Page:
Australian dress register ID:404
Owner:The Oaks Historical Society
Owner registration number:WHC Mosaic No: 2009.99/101
Date range:1889 - 1901
Place of origin:India
The sun helmet is in its original condition and made from materials currently in use in India in the late 19th century. The shola-pith material could be soaked in water to keep the wearer's head cool in hot weather. Later versions used cork as the main construction. It is therefore a rare example of colonial headgear used in wartime.
The historic significance of the object relates to the ownership by John Wardrobe, a one time Alderman of the inaugural Picton Shire Council, and local businessman and his commendable wartime service in South Africa.
John Wardrobe was born in Durham, England, in 1865. He migrated when he was 17 on the "Peterborough" in 1880 and went to Picton to work on the railway and married Eliza Cracknell. They opened The Upper Picton Stores in 1892 selling drapery, groceries and ironmongery and produce in a building owned by Eliza's father. John became very active in civic affairs and was elected Alderman when Picton was declared a borough in 1895. In that year he joined the Picton Half Company of Mounted Rifles and served as a corporal with them in South Africa. He was promoted to Squadron Quartermaster Sergeant and then Regimental Quartermaster Sergeant. Author: Doreen Lyon, July 2nd 2012.
Lightweight Sun helmet with front peak formed from woven pith(Aeschynomene aspera or sola, an Indian swamp plant) covered by cotton bast and finished with white cotton drill.
Interior lined in green cotton.
Associated with British & French and other European colonial powers during the late 19th and early 20th century, for soldiers serving in hot and sunny climates. Also used by Governors and diplomats as part of ceremonial uniforms, sometimes with a swan feather plume attached.
Link to further information about this object
History and Provenance
Do you have any stories or community information associated with this?
John Wardrobe was a significant local character in Picton, being an alderman on the first local Council and owner of Upper Picton Stores at Redbank, Picton. After his return from the Boer War his business failed and he took a job as a travelling salesman for Arnotts Biscuits and he moved with his family to Camperdown and then to Hurstville. During WWI he served as Sergeant Major at the Sydney Showground and later became nightwatchman until his death in 1946.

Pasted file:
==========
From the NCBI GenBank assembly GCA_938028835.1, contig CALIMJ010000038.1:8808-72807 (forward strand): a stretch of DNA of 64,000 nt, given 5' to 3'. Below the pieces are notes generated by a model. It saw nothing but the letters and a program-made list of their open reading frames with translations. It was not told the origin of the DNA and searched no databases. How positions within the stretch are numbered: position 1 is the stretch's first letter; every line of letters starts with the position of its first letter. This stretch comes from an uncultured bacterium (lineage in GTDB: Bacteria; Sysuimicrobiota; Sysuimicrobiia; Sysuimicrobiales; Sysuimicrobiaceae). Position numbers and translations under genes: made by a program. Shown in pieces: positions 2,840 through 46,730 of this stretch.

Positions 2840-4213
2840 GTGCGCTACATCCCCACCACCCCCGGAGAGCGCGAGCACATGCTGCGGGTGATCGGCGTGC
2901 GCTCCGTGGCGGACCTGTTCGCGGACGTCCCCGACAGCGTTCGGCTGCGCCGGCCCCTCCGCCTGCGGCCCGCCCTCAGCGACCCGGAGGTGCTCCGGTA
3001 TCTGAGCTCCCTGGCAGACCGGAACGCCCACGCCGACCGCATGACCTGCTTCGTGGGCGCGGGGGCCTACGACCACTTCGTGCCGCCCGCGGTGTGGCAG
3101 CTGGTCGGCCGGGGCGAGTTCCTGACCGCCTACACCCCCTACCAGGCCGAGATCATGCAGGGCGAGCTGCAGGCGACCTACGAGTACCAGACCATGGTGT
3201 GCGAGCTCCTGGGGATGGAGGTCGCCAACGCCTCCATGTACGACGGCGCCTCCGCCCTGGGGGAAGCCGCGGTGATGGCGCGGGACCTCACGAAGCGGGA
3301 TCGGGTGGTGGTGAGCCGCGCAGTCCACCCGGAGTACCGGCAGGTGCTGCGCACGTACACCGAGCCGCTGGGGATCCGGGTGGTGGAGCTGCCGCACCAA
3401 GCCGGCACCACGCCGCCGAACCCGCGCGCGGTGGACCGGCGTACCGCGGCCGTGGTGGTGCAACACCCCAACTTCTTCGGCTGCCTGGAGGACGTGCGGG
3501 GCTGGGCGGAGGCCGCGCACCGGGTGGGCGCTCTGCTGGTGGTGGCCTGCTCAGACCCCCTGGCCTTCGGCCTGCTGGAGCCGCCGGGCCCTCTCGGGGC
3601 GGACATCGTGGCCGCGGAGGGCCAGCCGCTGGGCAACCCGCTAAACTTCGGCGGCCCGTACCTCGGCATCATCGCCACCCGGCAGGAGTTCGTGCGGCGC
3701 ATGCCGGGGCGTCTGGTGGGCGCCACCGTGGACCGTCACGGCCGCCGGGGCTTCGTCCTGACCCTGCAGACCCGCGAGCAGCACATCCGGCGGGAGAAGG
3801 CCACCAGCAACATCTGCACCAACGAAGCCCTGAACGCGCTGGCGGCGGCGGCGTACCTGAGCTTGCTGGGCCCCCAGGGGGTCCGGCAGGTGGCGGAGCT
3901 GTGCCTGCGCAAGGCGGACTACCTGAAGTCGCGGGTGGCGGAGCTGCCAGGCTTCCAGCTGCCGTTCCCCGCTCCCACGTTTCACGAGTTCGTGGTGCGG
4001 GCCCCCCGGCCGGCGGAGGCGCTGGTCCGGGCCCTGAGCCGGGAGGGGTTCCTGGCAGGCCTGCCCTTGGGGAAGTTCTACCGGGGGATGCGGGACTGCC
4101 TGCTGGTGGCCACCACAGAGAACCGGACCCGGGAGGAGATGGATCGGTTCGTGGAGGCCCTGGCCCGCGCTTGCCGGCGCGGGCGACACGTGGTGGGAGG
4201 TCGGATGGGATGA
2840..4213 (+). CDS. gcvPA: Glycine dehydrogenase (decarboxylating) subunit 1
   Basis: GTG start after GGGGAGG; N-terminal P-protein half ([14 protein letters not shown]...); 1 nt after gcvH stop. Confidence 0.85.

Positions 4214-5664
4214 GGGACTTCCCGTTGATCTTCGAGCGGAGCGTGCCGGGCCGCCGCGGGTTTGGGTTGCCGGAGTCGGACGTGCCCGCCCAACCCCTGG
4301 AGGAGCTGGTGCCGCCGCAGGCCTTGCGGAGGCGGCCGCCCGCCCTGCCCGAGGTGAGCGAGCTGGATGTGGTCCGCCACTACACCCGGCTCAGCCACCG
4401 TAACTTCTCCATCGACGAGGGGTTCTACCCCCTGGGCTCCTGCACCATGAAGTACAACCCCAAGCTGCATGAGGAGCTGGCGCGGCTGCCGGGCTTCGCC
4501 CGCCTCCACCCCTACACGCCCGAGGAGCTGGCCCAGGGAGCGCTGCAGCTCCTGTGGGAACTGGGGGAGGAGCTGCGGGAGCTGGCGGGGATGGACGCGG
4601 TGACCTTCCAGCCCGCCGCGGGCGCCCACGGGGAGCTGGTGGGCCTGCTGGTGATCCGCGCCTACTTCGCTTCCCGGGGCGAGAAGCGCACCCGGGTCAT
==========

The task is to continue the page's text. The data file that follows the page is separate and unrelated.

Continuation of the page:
How does this garment relate to the wider historical context?
John Wardrobe's story was part of the exhibition 'From Picton to Pretoria' which traced the history of thirty four men from Wollondilly Shire who served their country and the British Empire in South Africa.
Where did this information come from?
Research by Colin Sproule F.A.I.M.
This garment has been exhibited
The sun helmet is on permanent display in the small war display cabinet at the Wollondilly Heritage Centre & Museum at 43 Edward Street, The Oaks.
Place of origin:
John Wardrobe was born in Durham, England, in 1865. In 1895 he joined the Picton half Company of Mounted Rifles and served as a corporal with them in South Africa. He was promoted to Squadron Quartermaster Sergeant and then Regimenetal Quartermaster Sergeant. He wore the sun helmet in South Africa.
Worn by John Wardrobe.
Worn during the Boer War.
Picton, New South Wales
Trimmings / Decoration
Circular cotton drill band padded with straw-like material around the circumference of the helmet with a leather sweat band inside.
There are two metal clips either side of the peak for chin strap.
On the left hand side of the crown is a small metal clip which could have been used for a feather or badge decoration.
Chin strap to hold helmet on head (not included).
- Hook and eye
Stiffening / Lining / Padding
Circular band on outside of helmet is padded with what feels like straw or other plant material.
From top of crown to base of helmet = 203.2mm
Outside circumference = 698.5mm
Inside circumference = 508mm
From front peak to back of helmet = 254mm
Padded band around helmet on outside = 165.1mm x 508mm
Inside leather sweat band = 508mm
The helmet was donated to the collection of the Wollondilly Heritage Centre in a khaki cloth cover.